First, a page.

I have a confession to make...I've recently become a fly rod Carpaholic.  I can't even explain exactly how it happened.  I've always loved to fish...for anything...with anything.

I grew up in central Pennsylvania using light tackle to chase smallmouth bass in rivers and creeks, and largemouth bass in farm ponds.  I still have a soft spot for small lures, light mono and a good spinning reel.

As a self-taught teen, I learned that a fly rod offered the most fun way to catch any type of fish.  Still,  the fly rod was a challenging route to take, and often, it just didn't seem worth the hassle.

In my twenties, pursuing my academic interest in Stream Ecology took me to some interesting places, and some fly rod success, peaking with a couple summers in Alaska, where I was introduced to beautiful rivers and bigger fish - swinging streamers and sight fishing for large Pacific salmon.  Awesome! Such great fun to throw larger loops and cast for distance and accuracy.

Eventually I returned to PA and found that stocked trout did not hold the allure they once did.  I loved flyfishing for smallmouth, but didn't have great water in my backyard.  I did some trout fishing, but I had the urge to throw more line to fish I could see.

Fate smiled upon me when my brother mentioned he had a earned a free trip through work.  He mentioned Belize was one of the possible destinations and I jumped out of my chair.  "Bonefish on the flats"  I was in heaven.  Sight fishing to beautifully spooky fish in an ecological wonderland.  I narrowly missed my shot at a school of permit, but I relished attempting to send my weighted fly over 100 ft. to hungry fish I could see.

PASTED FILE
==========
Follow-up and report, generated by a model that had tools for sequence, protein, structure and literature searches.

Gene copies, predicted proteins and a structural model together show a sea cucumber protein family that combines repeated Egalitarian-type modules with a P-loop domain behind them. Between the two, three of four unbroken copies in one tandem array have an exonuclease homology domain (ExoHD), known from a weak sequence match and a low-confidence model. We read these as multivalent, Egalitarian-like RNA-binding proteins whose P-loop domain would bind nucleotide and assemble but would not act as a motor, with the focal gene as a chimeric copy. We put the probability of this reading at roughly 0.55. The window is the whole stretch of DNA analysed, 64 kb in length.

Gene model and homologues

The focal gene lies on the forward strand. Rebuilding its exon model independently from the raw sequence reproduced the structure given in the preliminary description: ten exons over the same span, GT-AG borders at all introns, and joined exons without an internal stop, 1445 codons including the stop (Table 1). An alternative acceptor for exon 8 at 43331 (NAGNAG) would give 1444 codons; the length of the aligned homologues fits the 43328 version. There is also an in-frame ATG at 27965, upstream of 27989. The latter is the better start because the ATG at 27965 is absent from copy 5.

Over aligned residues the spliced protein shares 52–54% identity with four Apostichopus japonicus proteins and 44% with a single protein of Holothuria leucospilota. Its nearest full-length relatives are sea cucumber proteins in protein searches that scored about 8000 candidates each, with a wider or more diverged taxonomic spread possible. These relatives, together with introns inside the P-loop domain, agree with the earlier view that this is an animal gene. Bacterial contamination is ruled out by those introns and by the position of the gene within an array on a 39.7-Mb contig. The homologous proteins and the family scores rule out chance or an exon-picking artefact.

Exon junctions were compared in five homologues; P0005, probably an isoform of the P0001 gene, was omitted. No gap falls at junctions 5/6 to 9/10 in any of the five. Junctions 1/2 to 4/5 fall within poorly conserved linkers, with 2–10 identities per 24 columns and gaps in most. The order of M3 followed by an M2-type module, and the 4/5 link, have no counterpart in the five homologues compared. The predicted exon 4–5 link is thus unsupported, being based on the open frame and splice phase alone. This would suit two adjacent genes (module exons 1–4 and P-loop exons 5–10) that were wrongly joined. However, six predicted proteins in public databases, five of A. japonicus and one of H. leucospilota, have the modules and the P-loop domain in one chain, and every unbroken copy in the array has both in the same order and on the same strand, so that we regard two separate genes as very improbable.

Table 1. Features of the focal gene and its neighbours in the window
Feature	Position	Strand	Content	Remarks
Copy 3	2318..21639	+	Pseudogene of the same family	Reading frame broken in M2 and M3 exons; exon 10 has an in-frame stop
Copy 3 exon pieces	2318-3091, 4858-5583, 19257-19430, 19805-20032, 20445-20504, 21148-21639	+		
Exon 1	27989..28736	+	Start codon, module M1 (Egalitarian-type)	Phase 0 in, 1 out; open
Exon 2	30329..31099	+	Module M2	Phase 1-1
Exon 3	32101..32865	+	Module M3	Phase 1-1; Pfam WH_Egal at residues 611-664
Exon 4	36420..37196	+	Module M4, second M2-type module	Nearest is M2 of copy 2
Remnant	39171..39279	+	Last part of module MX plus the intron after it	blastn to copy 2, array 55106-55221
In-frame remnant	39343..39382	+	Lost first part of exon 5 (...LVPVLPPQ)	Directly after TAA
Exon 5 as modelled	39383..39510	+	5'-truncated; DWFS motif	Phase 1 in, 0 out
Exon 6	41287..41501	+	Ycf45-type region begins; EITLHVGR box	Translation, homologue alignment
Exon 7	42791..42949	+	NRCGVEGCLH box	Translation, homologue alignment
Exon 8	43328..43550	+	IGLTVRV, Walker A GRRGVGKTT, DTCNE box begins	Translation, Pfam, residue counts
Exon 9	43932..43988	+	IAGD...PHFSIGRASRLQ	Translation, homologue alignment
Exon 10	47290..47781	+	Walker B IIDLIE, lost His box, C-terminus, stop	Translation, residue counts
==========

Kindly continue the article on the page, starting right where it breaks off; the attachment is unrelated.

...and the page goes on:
As I researched my trip in the winter of 2011, I read that fly fishing for carp was an excellent way to prepare for a bonefish adventure.  "Surely not", I thought.  I had never intentionally pursued those homely fish, and the few times I had cast in their direction, they seemed paranoid and unwilling to follow a "real lure".

Still, I enjoyed the bonefishing so much - the combination of hunting, stalking and fishing - that I knew I'd need to give carp a try.

It only took one outing to convert me.  I headed for some bigger water - a river where I had seen plenty of carp through the years, but never given them a sporting thought.

I showed up at first light on one warm August morning.  And there they were.  Fat tails in skinny water.

A beautiful summer morning

I blew a few good chances, but other tailing fish continued to move up into the shallow edges from downstream.  Finally I connected.  One large carp proved too much for my knot.  One broke the hook (I'm still trying to figure out how that happened).  They all got away that day, but I was hooked.

On another outing to a smaller stream, I finally managed to catch a carp on the fly - not the biggest, but I had a taste of success.  I spent the winter consuming every flyfishing for carp book, blog, website and free tip I could find.  I bought some flies, tied some flies, and annoyed every fishing buddy I could find with the potential of this new addiction.

Success! A worthy adversary on a 6 wt.

Big Fish!  All summer! No Crowds!  Nearby!  Small Streams or Big Rivers! Sight Fishing!  Did I mention Big Fish?

Very few of them seemed to get...but I knew I wasn't crazy...Right?